We recently attended the Caring for our Koalas & our Environment Conference as part of the Hello Koalas Festival to find out exactly how our furry friends are doing, and to learn about the actions we need to take as a society in order to preserve their place in our environment in the future.
Here are the top 5 things we took away from this special day in Port Macquarie:
Early concerns for survival
Concerns for the wellbeing of our national icon (and other Australian fauna) go all the way back to 1863, when one of the first explorers, British Zoologist John Gould, predicted that the koala would surely become extinct due to colonisation. Fast forward 150 years and indeed, the koala is now placed on the Threatened Species List.
A national icon
It shouldn’t come as a surprise that these adorable creatures lure in millions of tourists to our continent each year. In fact, the koala is worth 3.2 billion dollars in tourism value and creates 30,000 jobs a year for Australians!
Get paid to help
Bushland areas, national parks and nature corridors all provide safe havens for koalas and other native flora and fauna to flourish. Recognising the value of these spaces, the NSW government now give grants to private landholders with access to prime bushland, to help protect and manage these vital koala habitats.
Koalas are not alone
Sadly, koalas are not alone in their battle for survival. As of 2018, Australia has the highest mammal extinction rate in the world – many of which have occurred in the last 10 years. It’s an ugly truth to face; more species have become extinct in Australia in the last 100 years than they have worldwide in the last 400 years! Current critically endangered species include the Eastern Quoll, the Leadbeater’s Possum, and the King Island Brown Thornbill.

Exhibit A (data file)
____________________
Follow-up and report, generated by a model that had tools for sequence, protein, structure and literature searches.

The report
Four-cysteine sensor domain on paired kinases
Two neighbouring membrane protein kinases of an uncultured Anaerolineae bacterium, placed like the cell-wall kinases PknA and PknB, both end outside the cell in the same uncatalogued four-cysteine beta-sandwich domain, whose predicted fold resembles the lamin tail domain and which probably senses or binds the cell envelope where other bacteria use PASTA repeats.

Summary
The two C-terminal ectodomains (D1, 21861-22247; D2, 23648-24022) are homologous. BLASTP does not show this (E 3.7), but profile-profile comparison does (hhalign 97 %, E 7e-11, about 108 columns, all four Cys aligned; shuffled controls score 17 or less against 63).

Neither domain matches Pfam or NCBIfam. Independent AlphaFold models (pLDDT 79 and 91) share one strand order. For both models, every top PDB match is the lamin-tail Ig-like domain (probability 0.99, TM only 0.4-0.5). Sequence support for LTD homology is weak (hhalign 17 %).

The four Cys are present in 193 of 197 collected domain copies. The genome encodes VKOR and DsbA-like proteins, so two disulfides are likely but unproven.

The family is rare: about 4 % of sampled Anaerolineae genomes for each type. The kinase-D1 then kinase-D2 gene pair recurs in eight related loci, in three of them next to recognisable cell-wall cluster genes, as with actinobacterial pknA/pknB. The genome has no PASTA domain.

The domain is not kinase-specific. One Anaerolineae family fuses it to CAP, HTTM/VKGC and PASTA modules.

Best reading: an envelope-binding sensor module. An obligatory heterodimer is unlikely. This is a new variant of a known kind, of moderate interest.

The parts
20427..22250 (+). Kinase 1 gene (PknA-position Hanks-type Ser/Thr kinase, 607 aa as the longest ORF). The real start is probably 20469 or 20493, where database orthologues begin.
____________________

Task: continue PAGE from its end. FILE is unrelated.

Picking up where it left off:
Hearing a koala’s mating call is one of the scariest things you’ll ever hear in the dark – it is seriously weird! However, a research group from Queensland University of Technology are tracking mating calls to successfully identify individual koalas through the use of eco-acoustic sensors. The successful identification of specific animal sounds can help ecologists to answer important environmental questions – and in the case of the koala, to identify exactly how many koalas reside in a particular area, which in turn helps to prove the value of their habitat to the government and potential land developers.
To find out more about the festival and conference and how you can help, visit www.hellokoalas.com